Gone to Dogon

Just beyond the Sahara, the spirit of adventure is not yet obsolete

My sense of wonderment began with a night-time call of nature that I didn’t dare answer. Relieving myself would have involved crossing the uneven, dusty rooftop in a village on the edge of the Sahara. More pertinently, it would have meant negotiating my way down a rickety ladder.  So I held it in and lay on my back and, for the first time, discovered the universe.

I was staring up at a night-sky above a Dogon village in Mali, dense with stars as if someone had thrown a bag of white sparkly dust over the sparse heavens I was used to.  When European anthropologists first began studying the Dogon people back in the 1930s, they were amazed at the cosmological knowledge of these simple, rural people – primitive was the word they used then – who knew of stars thought to have been only recently “discovered” by western telescopes. With night skies like this, it seems, all you had to do was look.

This was my African expedition. True, the days of Mungo Park’s Travels are long gone, but, thanks to the Dogonland, the spirit of adventure is not yet obsolete. You’ll need a local guide to access this pocket of the Sahel, a sort of living letter of introduction to arrange for your food and accommodation among his (and it always is a he) relatives and friends who live in the bucolic sandstone villages that line the Bandiagara escarpment.

The guides are most easily found in Mali’s Niger-side transport hub of Mopti on the banks of the brown Niger river – where narrow, motorised wooden boats called pinasses unload their goods into a swarming sea of people and where the once mythical Timbuktu is just an upriver stop on the trading route.

We chose our guide for his meekness. White-faced arrivals off the bus into Mopti are immediately swamped by potential guides, and it’s important to spot a genuine and gentle local among the many shark-like aggressive charlatans.

Hassimi, a skinny, doll-faced teenager, was the first at the door, but as he tried to open a small well taped-up photo album of him guiding happy tourists, he was violently shoved aside by larger, less well-spoken guides, who said they were all much better, much cheaper and much more native. Hassimi stood patiently to the side trying to get eye-contact with us. I gave him a reassuring look, waited for the fracas to calm down and then told him to meet us at a bar around the corner where we could negotiate in peace.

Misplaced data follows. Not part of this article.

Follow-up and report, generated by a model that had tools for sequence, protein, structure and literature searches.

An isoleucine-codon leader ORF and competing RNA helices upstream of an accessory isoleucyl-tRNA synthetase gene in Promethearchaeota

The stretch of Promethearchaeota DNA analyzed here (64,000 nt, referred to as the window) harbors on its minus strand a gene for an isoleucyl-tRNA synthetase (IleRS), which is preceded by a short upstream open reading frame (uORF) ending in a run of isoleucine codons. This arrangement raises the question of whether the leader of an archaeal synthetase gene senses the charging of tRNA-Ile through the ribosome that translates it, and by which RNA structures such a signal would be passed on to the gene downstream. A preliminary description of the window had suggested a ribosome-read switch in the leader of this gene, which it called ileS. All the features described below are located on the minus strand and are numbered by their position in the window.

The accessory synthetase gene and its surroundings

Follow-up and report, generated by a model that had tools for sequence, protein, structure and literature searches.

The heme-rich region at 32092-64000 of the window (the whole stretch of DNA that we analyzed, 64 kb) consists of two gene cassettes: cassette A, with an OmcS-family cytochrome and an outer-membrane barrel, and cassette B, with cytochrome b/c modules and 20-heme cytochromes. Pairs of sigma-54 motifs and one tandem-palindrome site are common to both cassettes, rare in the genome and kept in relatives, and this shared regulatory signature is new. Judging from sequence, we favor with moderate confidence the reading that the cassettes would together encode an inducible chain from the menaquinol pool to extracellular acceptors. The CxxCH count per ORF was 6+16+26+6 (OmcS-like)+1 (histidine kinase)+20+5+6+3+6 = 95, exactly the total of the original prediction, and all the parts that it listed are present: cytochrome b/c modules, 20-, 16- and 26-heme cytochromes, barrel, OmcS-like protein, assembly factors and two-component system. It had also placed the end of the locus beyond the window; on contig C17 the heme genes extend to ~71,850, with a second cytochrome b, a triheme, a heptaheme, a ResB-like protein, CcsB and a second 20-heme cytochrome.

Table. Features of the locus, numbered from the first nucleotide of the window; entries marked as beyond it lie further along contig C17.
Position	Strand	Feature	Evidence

The next day, fee arranged and food supplies bought, we set of with Hassimi in a bush-taxi through a monotone landscape of acacia trees, scattered rocks and the occasional termite mound. After about an hour we changed vehicles, squeezing on the back of a jolting pick-up that followed a now winding road up on to a plateau where the rocks became boulders but the earth remained just as red and flat. And then, suddenly, thrillingly, we caught sight of what we had been waiting for rising out of the flat redness. The Bandiagara escarpment is an enormous ridge of yellow pot-marked rock. Its lee has provided the home to one of the most distinctive peoples of Africa – and we were about to meet them

The French ethnographer Marcel Griaule’s mid-20th century reports of his encounters with the Dogon were so evocative and so colourful that the Bandiagara escarpment has become a well-known target for the more adventurous backpackers and anthropology students. In the past decades the poverty-stricken locals have been able to etch out incomes from this trickle of tourists, although not enough, it seems, to give them adequate healthcare education facilities.